However, books can also be a rich source of primary source material. In some instances, as in the case of published memoirs, autobiographies, and published documents, it is easy to determine when a book functions as a primary source. However, even secondary source materials can function as primary sources.

Typewritten education statistics from Swaziland
Primary school teaching staff by grade and title of teacher, Swaziland, Educational Statistics, 1971, from the Economic Growth Center Collection, Center for Science and Social Science Information.


Data consists of information organized for systematic analysis and is now usually stored in digital form, although paper and tape data sets still exist and are useful. Data is an essential primary source for science and social science research, and is often created by organizations in the normal course of their operations or can be collected by researchers or others interested in particular topics. Data is often gathered from experiments, simulation and modeling, or various types of observation including geospatial, climate, and survey information.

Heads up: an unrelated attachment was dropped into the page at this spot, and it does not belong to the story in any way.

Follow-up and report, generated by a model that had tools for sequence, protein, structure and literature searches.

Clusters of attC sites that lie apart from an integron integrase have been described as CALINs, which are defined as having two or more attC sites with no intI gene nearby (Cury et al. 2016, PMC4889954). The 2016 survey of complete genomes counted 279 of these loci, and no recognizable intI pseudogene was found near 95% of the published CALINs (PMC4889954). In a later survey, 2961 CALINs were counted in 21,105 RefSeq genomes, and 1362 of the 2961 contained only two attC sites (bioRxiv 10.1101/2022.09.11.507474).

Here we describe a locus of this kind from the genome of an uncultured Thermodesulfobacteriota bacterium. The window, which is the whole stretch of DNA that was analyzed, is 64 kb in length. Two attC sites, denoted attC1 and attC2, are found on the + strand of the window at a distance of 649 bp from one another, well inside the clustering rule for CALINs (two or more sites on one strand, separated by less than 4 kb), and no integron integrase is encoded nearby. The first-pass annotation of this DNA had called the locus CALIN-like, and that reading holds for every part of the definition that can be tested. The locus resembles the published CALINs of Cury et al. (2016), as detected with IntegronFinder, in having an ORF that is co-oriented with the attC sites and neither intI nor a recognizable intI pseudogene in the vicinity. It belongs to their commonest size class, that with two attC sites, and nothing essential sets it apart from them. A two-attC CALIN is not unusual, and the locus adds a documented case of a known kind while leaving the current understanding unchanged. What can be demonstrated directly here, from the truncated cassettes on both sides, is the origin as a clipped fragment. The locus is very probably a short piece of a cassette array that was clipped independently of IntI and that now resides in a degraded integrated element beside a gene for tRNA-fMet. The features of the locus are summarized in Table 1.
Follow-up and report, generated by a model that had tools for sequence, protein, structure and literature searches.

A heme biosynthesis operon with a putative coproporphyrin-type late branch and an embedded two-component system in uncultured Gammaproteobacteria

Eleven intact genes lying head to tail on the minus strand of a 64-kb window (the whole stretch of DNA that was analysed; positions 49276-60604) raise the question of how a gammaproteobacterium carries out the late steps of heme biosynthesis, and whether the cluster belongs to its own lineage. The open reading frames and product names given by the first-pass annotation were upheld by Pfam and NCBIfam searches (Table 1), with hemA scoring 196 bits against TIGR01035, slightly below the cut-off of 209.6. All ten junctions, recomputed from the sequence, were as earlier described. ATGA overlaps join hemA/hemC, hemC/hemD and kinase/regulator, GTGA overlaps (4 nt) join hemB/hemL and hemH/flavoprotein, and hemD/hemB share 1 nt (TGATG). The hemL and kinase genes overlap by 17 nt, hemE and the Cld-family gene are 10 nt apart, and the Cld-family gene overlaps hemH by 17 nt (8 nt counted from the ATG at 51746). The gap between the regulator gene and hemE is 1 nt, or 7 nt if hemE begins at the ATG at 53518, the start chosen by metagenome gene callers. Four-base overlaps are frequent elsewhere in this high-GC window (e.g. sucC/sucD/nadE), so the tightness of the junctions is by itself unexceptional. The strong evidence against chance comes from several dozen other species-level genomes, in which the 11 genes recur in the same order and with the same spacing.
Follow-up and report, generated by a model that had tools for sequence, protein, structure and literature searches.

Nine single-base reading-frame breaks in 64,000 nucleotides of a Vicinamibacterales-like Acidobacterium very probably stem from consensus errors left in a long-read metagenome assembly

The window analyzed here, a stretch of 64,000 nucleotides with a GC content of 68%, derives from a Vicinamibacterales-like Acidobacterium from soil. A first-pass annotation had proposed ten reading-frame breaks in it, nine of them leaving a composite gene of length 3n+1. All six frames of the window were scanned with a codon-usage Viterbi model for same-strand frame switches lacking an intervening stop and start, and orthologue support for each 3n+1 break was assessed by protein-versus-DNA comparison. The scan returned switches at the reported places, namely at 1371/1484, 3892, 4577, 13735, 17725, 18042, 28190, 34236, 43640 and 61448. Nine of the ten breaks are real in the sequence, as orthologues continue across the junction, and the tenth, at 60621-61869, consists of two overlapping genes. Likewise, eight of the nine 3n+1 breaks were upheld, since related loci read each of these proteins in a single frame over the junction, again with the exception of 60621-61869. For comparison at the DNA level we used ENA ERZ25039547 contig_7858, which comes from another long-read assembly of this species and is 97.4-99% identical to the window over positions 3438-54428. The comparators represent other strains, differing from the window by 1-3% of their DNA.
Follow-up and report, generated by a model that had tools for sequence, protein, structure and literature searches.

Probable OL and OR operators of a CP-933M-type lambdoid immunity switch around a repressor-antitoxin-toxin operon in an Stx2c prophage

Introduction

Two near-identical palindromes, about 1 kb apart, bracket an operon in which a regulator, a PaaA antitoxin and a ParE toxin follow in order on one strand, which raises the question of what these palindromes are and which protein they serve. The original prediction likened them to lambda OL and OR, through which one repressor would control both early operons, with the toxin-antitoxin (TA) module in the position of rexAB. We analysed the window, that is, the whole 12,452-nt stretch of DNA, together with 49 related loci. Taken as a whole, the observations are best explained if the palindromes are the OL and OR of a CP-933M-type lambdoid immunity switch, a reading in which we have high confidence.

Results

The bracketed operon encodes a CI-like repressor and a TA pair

Bound Yale dissertations.
Bound Yale dissertations. Manuscripts and Archives, Yale University Library.


Dissertations are book-length studies based on original research and written in partial fulfillment of requirements for the doctoral degree. Although usually secondary sources, dissertations can themselves be primary sources or can be extremely helpful in identifying and locating primary sources.